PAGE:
sandhill crane hunt

Sandhill Crane Hunt Vote To Go Forward In Tennessee On Friday

Will Tennessee get a sandhill crane hunt this year? The Tennessee Fish and Wildlife Commission is meeting Thursday at 1 PM in Knoxville to vote on whether or not to allow the somewhat controversial hunt of the leggy migratory birds.

According to Times Free Press, the Tennessee Wildlife Resources Agency will ask officials to vote in favor of a sandhill crane hunt on up to 2,300 birds.

TWRA spokesman Dan Hicks said that the population of the migratory birds has exploded. In 1969, there were eight or less. Now there are 70,000.

TWRA will argue that the number of sandhill cranes is so high that it’s putting pressure on ducks and geese, which are falling in numbers.

But the proposal is not popular with everyone. Well-known bird artist Julie Zickefoose posted an extended argument against the Tennessee crane hunt in her blog.

She noted that the sandhill cranes are potent ambassadors to nature and often an important economic engine in the refuges they visit. As an example, she said crane tourism to Lillian Annette Rowe Sanctuary on Nebraska’s Platte River brings $10 million into that local economy each year.

The Tennessee Tribune reported last week that both former President Jimmy Carter and world-renowned primate researcher Jane Goodall have now stepped forward to oppose the Tennessee sandhill crane hunt.

sandhill crane hunt Tennessee
flying sandhill cranes in Bosque del Apache, New Mexico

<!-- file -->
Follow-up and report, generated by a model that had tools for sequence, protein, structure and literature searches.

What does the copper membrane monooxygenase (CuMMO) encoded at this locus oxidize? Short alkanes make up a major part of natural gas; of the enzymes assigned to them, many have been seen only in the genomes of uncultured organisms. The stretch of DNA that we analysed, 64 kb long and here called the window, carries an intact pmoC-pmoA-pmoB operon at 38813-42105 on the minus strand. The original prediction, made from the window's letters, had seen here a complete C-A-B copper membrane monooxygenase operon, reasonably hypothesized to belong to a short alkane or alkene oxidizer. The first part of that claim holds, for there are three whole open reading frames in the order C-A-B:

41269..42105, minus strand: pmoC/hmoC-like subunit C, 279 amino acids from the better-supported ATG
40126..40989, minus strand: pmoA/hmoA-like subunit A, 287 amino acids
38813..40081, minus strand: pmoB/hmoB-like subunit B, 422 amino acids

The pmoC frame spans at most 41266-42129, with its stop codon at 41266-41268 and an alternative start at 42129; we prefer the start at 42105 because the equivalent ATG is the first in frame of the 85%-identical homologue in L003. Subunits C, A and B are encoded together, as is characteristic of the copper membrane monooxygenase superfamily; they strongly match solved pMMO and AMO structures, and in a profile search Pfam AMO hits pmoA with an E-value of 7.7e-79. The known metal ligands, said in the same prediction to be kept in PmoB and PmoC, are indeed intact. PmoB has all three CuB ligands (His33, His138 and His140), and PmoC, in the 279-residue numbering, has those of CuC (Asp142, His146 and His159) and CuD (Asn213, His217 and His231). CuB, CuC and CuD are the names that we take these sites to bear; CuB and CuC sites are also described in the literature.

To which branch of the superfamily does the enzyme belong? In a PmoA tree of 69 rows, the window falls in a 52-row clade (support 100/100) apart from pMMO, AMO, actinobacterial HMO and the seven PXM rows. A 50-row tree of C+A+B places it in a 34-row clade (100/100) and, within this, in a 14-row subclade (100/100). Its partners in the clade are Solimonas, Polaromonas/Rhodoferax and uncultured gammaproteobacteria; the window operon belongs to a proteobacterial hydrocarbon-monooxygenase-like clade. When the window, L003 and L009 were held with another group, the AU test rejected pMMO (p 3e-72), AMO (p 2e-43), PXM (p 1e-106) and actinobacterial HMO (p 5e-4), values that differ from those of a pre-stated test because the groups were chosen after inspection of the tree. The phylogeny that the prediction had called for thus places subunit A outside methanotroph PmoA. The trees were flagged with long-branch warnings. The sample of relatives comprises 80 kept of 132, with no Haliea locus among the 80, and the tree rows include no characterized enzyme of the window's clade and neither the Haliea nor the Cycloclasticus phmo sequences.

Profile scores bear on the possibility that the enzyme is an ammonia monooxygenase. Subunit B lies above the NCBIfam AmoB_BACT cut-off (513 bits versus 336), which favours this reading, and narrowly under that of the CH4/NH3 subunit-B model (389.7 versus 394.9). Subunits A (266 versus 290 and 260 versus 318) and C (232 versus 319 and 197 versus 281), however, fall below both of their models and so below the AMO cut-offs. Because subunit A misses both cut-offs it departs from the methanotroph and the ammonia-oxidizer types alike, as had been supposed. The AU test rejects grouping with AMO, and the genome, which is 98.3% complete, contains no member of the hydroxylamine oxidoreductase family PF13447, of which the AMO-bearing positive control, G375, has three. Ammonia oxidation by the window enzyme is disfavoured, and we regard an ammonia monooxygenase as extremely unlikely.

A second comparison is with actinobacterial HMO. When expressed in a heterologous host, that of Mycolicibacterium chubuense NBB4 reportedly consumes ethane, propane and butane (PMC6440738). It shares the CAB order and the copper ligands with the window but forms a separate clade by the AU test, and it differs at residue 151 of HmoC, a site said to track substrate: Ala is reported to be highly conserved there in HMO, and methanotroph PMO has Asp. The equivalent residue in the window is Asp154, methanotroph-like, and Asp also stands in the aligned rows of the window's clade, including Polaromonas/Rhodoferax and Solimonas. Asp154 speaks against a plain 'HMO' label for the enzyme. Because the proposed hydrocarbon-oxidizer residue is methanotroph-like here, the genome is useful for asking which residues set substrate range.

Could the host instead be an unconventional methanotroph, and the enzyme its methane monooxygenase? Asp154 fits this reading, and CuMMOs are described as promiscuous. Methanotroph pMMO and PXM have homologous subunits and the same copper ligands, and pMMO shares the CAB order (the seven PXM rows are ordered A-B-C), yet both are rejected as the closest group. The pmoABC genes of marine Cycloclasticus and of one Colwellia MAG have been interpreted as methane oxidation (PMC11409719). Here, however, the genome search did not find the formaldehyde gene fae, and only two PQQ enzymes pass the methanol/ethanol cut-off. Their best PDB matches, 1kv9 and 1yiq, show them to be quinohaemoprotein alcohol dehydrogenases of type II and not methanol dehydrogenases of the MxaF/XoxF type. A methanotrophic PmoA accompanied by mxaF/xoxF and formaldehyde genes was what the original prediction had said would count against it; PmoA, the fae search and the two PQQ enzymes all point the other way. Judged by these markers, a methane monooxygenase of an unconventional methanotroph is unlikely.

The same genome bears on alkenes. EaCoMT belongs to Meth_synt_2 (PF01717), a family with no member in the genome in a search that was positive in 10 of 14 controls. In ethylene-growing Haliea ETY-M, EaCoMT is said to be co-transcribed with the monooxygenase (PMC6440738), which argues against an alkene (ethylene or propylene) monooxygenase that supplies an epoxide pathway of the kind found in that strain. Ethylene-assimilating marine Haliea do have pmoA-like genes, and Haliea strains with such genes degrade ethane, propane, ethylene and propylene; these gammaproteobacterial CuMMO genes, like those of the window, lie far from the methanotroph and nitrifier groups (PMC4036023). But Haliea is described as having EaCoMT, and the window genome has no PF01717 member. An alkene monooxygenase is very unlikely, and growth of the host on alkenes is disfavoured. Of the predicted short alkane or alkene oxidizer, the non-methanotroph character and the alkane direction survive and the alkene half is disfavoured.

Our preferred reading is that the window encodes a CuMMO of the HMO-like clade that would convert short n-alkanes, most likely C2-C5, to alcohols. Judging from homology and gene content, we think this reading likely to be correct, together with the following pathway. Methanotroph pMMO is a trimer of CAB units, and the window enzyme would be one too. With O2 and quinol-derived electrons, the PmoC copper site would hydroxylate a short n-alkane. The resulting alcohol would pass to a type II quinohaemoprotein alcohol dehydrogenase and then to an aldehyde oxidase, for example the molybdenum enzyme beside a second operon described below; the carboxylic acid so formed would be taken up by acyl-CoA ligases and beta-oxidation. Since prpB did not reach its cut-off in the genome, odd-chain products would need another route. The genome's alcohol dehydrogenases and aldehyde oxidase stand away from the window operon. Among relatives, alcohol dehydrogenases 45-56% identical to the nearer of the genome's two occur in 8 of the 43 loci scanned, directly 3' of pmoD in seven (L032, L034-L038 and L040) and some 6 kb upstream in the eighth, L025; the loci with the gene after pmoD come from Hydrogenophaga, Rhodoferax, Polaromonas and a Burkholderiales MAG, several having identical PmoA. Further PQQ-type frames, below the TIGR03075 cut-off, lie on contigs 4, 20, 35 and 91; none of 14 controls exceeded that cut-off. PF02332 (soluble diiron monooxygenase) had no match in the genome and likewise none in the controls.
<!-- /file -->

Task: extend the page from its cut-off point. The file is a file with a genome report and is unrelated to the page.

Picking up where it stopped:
In his letter to the commission, Carter acknowledges that he too is a hunter. However, he opposes the sandhill crane hunt for the practical reason that some people might confuse sandhill cranes and the critically endangered whooping crane.

That concern has been partly addressed by the proposed law. Anyone seeking a crane hunt permit will be required to take a course that proves they can tell the two species apart.

Jane Goodall said she would be prepared to help promote non-hunting sandhill crane tourism in the region as an alternative to hunting.

It is indeed surprising how many sandhill cranes now visit Tennessee. Here’s a YouTube video of the Sandhill cranes flying free in the state from winter 2013:

The August meeting of the Tennessee Fish and Wildlife Commission will be held at the Holiday Inn Knoxville West at Cedar Bluff. There will be a discussion starting at 1 PM on Thursday. The voting will begin on 9 AM on Friday.

There appear to be intelligent arguments on both sides of the Tennessee sandhill crane hunt issue. I’m happy to hear yours in the comments.

[flying sandhill cranes by Elaine Radford][sandhill crane pair top photo credit: Dawn Huczek via photopin cc]

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